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Health Concerns Over GMOs Distract Consumers From the Real Problem Of Monoculture

Earlier this month a controversial study by French scientist Gilles-Éric Séralini linking genetically modified corn to cancer was retracted by the peer-reviewed journal that published it.

The retraction, based on the post-publication assessment that its findings were inconclusive, generated such explosive commentary that there's already a Wikipedia page dedicated to the so-called Séralini Affair. The event and its ongoing fallout affirms that few agricultural topics are as politically charged as the purported safety of genetically modified organisms (GMOs).

Are these fabricated substances--which appear in almost all highly processed foods--killing us?

One cohort of advocates--a cohort that triumphantly promoted the Séralini study when it hit the presses in September of 2012--thinks they just might be. It insists that GMOs are untested and unregulated agents that cause--or contribute to--serious health problems. Relying heavily on the precautionary principle (while stoking an inveterate hatred of the biotech giant Monsanto), these skeptics note, as Tom Philpott explained in Mother Jones, that when it comes to GMOs, consumers are "eating in the dark."

Another group--one that rejoiced when the Séralini piece was retracted--contends that not a single study has yet linked GMOs to human health problems. Citing the potential of GMO crops to achieve higher yields on less acreage, these supporters take solace in the assessment of several scientific organizations--including the American Association for the Advancement of Science, the American Medical Association, and the National Academies--that have deemed GMOs safe to consume.

Because this debate is trapped in the vice of the precautionary principle--after all, there's no identifiable moment when future safety of anything can be assured--it necessarily lacks an end point. Discussions are at this juncture little more than media theater. This is unfortunate. It's unfortunate because our popular obsession with the perpetually elusive health consequences obscures a deeper reason we might want to be wary of GMOs: it's not human health per se that's at stake with this technology--it's the health of the planet.

Instead of dubious health claims, concerns over GMOs should center on the culprits of corn and soy. These are the two most widely planted and ecologically troublesome crops grown in the United States.  And 88 percent of the corn and 94 percent of the soy grown on US land just so happens to be genetically modified.

Corn and soy are monocultural staples that come with measurable environmental consequences. Together, they account for more pesticide use--up to 81 percent of all pesticides sprayed in some years--and are the country's biggest consumers of nitrogen fertilizer, which runs off and damages aquatic ecosystems. Corn needs up to 120 pounds of nitrogen fertilizer per acre. Kale requires as little as 50 pounds per acre. In terms of energy consumption, corn and soy are the energy hogging SUVs of the plant world.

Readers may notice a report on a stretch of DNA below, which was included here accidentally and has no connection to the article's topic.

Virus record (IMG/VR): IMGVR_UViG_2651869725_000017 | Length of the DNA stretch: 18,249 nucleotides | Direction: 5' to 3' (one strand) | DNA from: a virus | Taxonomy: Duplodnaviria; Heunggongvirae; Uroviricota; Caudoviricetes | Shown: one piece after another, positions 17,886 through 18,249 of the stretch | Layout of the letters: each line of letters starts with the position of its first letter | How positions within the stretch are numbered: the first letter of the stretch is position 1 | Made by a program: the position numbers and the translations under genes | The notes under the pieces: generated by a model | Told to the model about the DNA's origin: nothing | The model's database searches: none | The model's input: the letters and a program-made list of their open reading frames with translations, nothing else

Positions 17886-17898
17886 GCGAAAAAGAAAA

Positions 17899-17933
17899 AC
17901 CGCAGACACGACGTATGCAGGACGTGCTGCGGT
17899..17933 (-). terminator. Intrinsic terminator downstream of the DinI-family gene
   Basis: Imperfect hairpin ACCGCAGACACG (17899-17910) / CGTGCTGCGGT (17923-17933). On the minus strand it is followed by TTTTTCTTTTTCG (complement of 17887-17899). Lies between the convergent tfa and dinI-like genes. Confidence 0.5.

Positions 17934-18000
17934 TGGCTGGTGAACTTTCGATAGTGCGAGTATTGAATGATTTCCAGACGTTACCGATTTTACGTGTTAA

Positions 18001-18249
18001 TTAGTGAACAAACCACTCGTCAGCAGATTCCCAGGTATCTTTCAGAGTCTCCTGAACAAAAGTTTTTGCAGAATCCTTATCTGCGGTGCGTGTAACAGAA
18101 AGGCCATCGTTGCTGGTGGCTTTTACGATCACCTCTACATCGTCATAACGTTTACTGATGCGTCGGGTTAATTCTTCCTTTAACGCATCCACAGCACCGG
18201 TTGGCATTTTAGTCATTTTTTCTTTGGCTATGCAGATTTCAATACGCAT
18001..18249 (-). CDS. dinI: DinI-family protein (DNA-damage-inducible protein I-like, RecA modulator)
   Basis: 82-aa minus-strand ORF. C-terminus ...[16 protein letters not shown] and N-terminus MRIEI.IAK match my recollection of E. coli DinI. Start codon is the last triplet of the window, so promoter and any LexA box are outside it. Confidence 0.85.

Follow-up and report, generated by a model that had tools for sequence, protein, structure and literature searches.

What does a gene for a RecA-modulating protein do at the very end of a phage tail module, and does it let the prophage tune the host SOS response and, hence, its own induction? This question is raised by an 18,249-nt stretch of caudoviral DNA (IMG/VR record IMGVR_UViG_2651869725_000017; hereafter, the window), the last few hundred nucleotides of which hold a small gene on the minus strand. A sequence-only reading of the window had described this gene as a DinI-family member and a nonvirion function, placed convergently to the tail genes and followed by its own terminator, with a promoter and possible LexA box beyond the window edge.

But it's not only corn and soy production that's the problem. It's also how these crops are used. Instead of being fed directly to people, the country's largest mass of edible plant material goes into the maws of beasts. Indeed, over 95 percent of US feed grain production is in corn and 60 percent of all corn and 47 percent of all soy is used for animal feed.

Not only do corn and soy make factory farming possible, but animals stuck in the industrial system do a miserable job of efficiently converting this feed into edible flesh. It requires 15 pounds of feed and 1,799 gallons of water to make one pound of beef.  For the purposes of comparison, a pound of tomatoes (grown for humans to eat!) requires no feed and needs only 23 gallons of water.

As if matters couldn't make any less ecological sense, this cycle of inefficiency also contributes to global warming. Fifteen pounds of carbon dioxide, a greenhouse gas, are emitted to make a pound of beef. Cows produce excessive amounts of methane and nitrous oxide, far more potent greenhouse gases.

Whether or not GMOs are dangerous for humans to eat remains an open question. It promises to remain that way for a while. By contrast, in so far as GMOs contribute to the production of corn and soy--and right now they are integral to it--there's no question that they pose a clear threat to environmental health.

That's what we should be getting worked up about when it comes to this technology, one that, like it or not, is already embedded in our food system.

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I’m the author of several books about food and agriculture, including A Revolution in Eating: How the Quest for Food Shaped America, American Pests: Our Losing War on…

I’m the author of several books about food and agriculture, including A Revolution in Eating: How the Quest for Food Shaped America, American Pests: Our Losing War on Insects from Colonial Times to DDT, and Just Food: Where Locavores Get It Wrong and How We Can Truly Eat Responsibly. I live in Austin, Texas, where the most agriculturally ambitious thing I do is grow herbs in large pots on my back deck. I’m employed as a professor of history at Texas State University, where I teach courses in environmental history. A journalist once called me a “contrarian agrarian,” a description with which I take issue. But only sort of.